Coronary artery disease (CAD) has significant social and economic implications. It is necessary to create tools to identify the most cost-effectiveness treatments, which can assist clinicians in their therapeutic decisions so that the maximum possible benefit is reached with the lowest possible cost. Effectiveness must be measured by final treatment goals in which the most effective interventions are those with the lowest costs. This study is aimed to systematically review and compare the studies conducted on the cost-effectiveness of the three coronary artery disease treatment strategies (medical treatment, percutaneous coronary intervention, and coronary artery bypass graft). In this systematic review, the databases NHS Economic Evaluation Database, Embase, MEDLINE, Science Direct, and Scopus were searched for studies on the cost-effectiveness of coronary artery bypass graft (CABG) and percutaneous coronary intervention (PCI) compared to medical therapy (MT) in patients with coronary artery disease between 1 January 2004 to 30 September 2018.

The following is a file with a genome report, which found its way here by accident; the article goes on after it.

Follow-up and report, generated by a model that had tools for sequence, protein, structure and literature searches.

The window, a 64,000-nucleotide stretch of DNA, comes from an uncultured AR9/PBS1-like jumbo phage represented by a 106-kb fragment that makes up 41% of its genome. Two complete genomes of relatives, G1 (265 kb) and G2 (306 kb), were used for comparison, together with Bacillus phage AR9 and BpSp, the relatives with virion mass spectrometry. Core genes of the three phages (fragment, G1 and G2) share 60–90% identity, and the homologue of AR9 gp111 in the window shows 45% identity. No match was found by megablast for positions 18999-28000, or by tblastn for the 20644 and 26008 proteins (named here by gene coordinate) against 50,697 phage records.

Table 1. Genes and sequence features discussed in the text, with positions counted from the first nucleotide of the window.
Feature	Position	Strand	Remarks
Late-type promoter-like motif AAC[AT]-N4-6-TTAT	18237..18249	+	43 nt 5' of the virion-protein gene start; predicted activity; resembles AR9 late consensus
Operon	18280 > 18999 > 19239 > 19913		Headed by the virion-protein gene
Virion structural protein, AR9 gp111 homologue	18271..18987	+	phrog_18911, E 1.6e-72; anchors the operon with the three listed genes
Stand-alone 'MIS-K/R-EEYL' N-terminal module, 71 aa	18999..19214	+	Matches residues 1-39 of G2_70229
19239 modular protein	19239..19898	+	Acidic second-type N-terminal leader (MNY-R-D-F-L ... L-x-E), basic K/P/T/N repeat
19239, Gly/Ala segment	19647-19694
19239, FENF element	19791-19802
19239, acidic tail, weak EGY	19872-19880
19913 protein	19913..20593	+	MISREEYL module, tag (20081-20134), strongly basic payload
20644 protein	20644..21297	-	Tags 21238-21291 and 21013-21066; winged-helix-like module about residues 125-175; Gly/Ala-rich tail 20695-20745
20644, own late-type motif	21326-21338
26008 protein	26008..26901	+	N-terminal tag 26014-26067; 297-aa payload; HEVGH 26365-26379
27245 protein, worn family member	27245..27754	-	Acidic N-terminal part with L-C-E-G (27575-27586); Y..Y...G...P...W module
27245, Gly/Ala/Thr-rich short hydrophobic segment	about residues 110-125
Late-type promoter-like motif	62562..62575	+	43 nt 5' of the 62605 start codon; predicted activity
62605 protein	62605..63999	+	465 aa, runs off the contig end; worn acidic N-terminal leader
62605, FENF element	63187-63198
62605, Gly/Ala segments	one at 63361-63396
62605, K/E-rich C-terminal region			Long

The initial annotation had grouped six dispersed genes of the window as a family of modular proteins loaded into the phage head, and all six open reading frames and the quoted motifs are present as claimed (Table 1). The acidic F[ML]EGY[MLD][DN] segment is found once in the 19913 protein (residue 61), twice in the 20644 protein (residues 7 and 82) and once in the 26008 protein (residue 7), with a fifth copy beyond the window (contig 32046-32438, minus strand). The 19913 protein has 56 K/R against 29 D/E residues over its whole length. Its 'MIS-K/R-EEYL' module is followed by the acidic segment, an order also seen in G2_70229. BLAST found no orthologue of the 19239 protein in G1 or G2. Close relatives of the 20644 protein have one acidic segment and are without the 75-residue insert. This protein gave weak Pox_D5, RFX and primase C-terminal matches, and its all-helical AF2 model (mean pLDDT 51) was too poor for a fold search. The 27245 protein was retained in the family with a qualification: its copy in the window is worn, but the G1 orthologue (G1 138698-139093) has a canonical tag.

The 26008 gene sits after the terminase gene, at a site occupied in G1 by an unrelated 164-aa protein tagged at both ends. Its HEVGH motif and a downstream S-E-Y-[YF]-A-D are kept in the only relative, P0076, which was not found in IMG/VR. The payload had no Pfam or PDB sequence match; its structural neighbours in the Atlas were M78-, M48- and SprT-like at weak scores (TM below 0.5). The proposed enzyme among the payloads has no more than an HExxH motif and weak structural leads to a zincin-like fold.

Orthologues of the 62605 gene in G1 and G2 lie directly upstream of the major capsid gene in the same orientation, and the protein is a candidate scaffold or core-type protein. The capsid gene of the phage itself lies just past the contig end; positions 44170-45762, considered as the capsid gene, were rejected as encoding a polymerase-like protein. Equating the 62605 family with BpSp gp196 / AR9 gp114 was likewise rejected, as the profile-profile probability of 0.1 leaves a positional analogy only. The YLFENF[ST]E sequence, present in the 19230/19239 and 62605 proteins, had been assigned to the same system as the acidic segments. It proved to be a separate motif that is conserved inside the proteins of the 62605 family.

The quality appraisal of the included studies was examined using the Consolidated Health Economics Evaluation Reporting Standards (CHEERS) statement. Out of 186 unique retrievals, 8 studies were included. The results showed that the all studies clearly stated the time horizon of the study and included direct medical costs in their analysis. In addition, in most of the studies, quality-adjusted life years (QALY) were the main outcome used for measuring the effectiveness. The studies reported various ranges of the incremental cost-effectiveness ratio (ICER); accordingly, the highest ratio was observed in the USA ($212,800) for PCI v MT and the lowest ratio was observed in Brazil ($4403) for CABG v MT. Although the results of the studies were different in terms of several aspects, such as the viewpoint of the study, the study horizons, and the costs of expenditure items, they reached similar results. Based on the result of the present study, it seems that each three treatment strategies for CAD yielded improvements in QALY.